Ghirlandi Guidetti, J.D., (he/him/his) is a staff attorney in the ACLU of Illinois’ LGBTQ & HIV Project where he is involved in a broad range of advocacy and litigation on behalf of LGBTQ individuals and people living with HIV. Since he joined the ACLU in the fall of 2015, Ghirlandi has focused his practice on representing youth, including students whose schools have denied them use of the facilities that match their gender identity, solely because they are transgender. He has also utilized the ACLU’s long-standing consent decree with DCFS (B.H. v. Smith) to investigate the experiences of LGBTQ youth in the child welfare system and advocate for reforms to better protect and serve this vulnerable population. Ghirlandi is a graduate of Loyola University Chicago where he earned his J.D. and a master of public policy degree.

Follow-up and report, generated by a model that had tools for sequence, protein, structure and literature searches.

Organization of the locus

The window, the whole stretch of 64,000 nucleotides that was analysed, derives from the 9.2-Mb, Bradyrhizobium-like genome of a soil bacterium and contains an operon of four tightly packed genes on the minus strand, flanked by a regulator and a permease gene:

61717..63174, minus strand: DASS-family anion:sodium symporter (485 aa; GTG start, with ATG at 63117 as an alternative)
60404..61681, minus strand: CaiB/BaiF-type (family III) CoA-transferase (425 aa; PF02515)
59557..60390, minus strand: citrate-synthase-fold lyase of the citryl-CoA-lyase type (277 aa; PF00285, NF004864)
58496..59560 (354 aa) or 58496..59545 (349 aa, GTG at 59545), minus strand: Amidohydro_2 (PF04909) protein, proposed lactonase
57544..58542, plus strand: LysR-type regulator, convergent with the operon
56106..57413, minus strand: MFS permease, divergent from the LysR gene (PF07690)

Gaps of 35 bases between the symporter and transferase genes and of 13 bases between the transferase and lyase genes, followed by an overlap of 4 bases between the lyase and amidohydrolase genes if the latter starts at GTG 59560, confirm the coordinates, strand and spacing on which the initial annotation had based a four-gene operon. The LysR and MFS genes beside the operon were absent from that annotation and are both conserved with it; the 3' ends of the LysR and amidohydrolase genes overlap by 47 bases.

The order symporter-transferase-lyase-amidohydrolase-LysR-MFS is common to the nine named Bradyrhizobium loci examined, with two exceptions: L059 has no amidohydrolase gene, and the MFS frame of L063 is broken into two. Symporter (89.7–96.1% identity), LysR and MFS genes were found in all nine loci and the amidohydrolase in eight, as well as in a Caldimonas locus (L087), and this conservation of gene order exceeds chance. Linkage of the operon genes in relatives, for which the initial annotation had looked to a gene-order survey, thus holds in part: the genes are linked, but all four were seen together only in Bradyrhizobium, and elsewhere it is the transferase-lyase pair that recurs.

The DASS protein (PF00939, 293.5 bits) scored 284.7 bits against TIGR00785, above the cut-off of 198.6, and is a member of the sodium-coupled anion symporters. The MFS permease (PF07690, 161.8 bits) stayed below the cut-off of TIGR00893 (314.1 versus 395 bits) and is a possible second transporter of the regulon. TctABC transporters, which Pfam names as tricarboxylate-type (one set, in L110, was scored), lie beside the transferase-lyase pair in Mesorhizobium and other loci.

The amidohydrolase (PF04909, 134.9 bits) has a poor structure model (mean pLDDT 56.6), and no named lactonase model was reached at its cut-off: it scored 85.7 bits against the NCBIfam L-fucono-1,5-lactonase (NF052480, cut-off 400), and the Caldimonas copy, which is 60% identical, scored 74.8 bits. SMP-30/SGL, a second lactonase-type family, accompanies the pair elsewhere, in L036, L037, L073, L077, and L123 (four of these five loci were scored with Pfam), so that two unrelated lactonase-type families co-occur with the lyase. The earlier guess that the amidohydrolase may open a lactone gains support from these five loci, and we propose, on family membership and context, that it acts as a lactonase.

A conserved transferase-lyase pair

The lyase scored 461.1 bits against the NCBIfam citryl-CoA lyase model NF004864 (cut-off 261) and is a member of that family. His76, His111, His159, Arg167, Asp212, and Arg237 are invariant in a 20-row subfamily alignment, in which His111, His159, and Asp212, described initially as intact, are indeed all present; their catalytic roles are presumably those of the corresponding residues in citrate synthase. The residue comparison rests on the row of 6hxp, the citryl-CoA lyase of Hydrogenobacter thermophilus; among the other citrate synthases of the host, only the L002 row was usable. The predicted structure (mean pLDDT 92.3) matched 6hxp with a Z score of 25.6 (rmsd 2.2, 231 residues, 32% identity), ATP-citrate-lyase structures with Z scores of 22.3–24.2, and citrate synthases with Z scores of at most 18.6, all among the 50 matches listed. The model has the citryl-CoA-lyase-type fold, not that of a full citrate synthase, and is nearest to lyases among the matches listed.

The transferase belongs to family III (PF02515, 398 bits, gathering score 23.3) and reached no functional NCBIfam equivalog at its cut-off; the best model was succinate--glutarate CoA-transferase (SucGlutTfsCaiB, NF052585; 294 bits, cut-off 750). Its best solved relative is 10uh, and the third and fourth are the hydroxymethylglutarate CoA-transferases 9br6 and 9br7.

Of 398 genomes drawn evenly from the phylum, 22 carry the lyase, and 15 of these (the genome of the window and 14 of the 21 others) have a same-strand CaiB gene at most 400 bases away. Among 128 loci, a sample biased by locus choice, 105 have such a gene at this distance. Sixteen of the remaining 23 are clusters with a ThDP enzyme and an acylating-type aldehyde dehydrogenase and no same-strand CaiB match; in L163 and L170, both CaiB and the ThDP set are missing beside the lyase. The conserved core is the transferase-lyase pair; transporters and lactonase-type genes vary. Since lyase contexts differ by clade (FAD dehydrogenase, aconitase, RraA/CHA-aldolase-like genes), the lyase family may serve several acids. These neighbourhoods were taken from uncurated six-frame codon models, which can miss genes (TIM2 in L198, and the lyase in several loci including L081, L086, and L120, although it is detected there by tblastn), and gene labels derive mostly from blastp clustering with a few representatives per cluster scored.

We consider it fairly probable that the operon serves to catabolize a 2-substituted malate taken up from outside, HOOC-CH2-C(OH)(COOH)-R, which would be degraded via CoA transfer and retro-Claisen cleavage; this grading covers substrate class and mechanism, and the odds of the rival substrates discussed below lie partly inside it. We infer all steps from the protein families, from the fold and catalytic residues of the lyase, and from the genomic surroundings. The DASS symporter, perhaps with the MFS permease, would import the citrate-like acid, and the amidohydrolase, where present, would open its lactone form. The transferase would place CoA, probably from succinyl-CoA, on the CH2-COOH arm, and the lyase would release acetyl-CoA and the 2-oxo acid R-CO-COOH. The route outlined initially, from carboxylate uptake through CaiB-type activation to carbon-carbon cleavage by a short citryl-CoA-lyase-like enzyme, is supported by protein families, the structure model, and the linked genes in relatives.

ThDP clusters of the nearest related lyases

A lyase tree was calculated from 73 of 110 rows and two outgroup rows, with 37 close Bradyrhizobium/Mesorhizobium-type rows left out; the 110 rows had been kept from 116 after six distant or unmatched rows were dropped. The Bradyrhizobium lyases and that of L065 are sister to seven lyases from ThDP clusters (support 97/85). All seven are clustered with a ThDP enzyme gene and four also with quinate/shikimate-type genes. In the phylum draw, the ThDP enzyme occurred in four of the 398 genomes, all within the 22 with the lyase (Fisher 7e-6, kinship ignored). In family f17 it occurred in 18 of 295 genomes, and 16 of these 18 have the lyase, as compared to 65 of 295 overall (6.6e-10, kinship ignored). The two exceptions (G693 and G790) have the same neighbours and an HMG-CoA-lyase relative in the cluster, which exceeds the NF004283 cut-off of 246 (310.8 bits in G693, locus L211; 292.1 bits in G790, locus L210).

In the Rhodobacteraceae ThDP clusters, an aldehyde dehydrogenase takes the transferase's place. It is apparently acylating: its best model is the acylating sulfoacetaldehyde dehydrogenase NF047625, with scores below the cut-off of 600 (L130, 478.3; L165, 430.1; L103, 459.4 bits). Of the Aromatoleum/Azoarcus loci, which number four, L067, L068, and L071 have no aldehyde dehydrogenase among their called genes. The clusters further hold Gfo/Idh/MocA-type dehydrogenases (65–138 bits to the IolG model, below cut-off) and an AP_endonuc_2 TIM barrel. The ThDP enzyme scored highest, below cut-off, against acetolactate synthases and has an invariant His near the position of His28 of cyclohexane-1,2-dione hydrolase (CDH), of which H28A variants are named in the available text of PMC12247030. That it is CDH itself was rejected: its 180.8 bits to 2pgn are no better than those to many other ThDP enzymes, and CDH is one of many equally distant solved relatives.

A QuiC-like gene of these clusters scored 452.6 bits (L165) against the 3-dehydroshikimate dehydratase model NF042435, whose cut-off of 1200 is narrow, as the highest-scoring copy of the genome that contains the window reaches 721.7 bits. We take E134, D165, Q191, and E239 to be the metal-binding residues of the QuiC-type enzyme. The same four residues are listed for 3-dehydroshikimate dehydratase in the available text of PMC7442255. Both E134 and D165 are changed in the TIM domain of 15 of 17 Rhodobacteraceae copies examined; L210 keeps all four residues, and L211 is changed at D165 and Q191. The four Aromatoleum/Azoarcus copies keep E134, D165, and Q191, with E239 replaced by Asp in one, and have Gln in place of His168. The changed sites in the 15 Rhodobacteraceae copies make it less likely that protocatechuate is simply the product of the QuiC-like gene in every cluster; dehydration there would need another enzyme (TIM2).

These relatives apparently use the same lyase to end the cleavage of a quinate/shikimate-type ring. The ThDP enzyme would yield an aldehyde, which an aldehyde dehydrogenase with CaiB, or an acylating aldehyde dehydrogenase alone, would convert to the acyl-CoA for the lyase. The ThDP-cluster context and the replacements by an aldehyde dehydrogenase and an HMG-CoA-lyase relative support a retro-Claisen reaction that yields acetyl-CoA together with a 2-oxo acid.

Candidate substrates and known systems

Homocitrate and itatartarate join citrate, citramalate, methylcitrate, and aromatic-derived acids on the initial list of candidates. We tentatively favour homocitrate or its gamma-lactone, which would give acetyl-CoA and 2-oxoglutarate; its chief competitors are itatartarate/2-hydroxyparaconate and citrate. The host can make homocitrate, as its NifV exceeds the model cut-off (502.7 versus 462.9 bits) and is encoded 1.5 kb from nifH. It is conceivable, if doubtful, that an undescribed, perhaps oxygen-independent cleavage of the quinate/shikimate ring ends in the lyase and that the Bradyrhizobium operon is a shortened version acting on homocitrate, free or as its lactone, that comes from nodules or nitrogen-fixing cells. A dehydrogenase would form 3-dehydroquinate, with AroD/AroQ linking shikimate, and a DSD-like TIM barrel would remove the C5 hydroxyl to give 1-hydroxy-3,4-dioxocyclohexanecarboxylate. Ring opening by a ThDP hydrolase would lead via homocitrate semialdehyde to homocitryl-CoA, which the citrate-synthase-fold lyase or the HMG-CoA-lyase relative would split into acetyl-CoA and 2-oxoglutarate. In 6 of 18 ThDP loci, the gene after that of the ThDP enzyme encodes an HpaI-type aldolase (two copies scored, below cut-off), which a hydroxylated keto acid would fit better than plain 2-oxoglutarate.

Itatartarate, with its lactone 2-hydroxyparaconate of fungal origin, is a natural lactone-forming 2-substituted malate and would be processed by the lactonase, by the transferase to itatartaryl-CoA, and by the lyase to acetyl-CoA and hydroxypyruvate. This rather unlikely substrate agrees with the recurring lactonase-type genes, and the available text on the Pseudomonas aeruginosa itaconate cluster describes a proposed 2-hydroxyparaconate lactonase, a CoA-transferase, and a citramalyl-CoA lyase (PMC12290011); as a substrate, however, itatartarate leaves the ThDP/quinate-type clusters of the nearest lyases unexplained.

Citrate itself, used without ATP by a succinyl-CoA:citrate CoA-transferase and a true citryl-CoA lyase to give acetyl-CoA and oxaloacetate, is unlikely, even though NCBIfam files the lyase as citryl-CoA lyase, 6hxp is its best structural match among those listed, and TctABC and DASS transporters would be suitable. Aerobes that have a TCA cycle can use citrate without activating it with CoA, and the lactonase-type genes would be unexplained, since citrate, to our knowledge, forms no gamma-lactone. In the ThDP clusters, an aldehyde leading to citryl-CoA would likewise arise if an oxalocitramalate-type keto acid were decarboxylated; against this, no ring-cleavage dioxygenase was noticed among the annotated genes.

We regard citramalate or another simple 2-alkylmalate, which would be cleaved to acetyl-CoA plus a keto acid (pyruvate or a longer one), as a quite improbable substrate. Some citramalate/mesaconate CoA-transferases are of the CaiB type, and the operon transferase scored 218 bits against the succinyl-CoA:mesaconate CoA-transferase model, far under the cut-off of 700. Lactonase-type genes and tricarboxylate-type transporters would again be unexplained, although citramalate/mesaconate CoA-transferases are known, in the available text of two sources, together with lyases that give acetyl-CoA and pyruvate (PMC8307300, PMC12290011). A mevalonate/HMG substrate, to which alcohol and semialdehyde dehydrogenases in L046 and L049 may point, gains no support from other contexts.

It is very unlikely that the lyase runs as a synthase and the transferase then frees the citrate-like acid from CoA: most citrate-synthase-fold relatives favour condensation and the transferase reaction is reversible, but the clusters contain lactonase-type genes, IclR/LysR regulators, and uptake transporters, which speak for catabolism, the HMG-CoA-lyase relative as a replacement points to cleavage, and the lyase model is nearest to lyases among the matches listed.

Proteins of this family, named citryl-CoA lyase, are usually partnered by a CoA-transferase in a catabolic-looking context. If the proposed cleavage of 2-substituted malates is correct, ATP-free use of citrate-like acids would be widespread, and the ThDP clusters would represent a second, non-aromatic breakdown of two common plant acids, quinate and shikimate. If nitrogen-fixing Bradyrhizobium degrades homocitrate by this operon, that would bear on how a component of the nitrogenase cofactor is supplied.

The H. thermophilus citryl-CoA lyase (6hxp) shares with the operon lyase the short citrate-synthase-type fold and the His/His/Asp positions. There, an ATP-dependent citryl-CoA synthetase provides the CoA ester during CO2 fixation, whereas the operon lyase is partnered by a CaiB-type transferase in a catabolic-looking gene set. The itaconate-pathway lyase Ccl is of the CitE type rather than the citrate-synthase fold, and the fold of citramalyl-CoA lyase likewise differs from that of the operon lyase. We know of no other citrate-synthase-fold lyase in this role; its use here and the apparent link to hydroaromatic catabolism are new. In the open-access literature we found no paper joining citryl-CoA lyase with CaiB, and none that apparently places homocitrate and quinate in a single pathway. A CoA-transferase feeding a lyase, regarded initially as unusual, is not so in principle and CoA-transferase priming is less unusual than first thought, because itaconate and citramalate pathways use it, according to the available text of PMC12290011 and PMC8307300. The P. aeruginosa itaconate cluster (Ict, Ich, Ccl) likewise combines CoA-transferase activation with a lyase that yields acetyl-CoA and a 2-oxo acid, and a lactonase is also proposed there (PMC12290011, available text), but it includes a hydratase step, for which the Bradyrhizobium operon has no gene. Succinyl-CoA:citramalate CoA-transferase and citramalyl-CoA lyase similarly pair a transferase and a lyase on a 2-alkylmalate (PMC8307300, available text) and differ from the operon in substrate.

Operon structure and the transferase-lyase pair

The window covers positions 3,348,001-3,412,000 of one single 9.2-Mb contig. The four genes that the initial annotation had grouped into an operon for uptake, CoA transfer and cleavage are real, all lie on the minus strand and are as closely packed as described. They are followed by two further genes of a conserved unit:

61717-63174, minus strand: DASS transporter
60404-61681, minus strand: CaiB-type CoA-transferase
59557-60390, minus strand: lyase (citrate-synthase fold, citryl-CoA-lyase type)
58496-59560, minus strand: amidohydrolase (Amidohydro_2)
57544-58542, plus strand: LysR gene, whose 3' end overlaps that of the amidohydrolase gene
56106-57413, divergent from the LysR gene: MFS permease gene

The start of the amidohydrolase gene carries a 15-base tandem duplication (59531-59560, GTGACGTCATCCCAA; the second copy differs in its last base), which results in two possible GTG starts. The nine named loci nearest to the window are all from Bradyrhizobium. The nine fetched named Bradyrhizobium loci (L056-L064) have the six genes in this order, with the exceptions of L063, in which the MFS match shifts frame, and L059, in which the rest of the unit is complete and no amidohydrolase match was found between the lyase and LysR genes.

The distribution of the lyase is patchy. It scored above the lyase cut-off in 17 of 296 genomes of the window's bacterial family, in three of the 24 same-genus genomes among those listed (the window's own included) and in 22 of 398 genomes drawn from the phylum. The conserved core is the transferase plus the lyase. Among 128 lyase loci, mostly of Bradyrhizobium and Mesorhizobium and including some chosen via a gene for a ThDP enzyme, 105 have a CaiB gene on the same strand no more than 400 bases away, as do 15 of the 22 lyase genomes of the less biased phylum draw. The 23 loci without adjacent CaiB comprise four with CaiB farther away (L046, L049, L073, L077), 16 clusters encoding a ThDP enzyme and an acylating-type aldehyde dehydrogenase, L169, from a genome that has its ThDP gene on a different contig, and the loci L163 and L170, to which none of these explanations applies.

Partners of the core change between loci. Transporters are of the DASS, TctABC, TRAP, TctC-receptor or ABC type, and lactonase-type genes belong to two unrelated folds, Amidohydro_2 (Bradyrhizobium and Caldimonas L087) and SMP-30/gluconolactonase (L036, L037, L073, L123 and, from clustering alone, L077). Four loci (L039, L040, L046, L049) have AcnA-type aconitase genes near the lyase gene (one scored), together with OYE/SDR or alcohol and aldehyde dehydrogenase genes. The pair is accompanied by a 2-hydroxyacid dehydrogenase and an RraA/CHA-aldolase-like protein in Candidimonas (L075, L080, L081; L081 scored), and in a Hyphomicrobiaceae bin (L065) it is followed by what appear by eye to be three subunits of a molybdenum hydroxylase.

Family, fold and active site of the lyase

Stacey S. Horn, Ph.D., is a professor and head of the Department of Family Social Science in the College of Education and Human Development at the University of Minnesota. Her current research focuses on issues of sexual prejudice and bias-motivated harassment among adolescents and parents of adolescents, adolescents’ reasoning about peer harassment, as well as LGBT students’ experiences in schools and communities. Much of this work looks at the underlying moral, social, and personal dimension of exclusion and peer harassment, how adolescents construct an understanding of their peer interactions based on these dimension, and the role that bias plays in adolescents’ understanding and experiences of harassment. She has published articles in journals such as Developmental Psychology, Journal of Social Issues, Journal of Youth and Adolescence, Cognitive Development,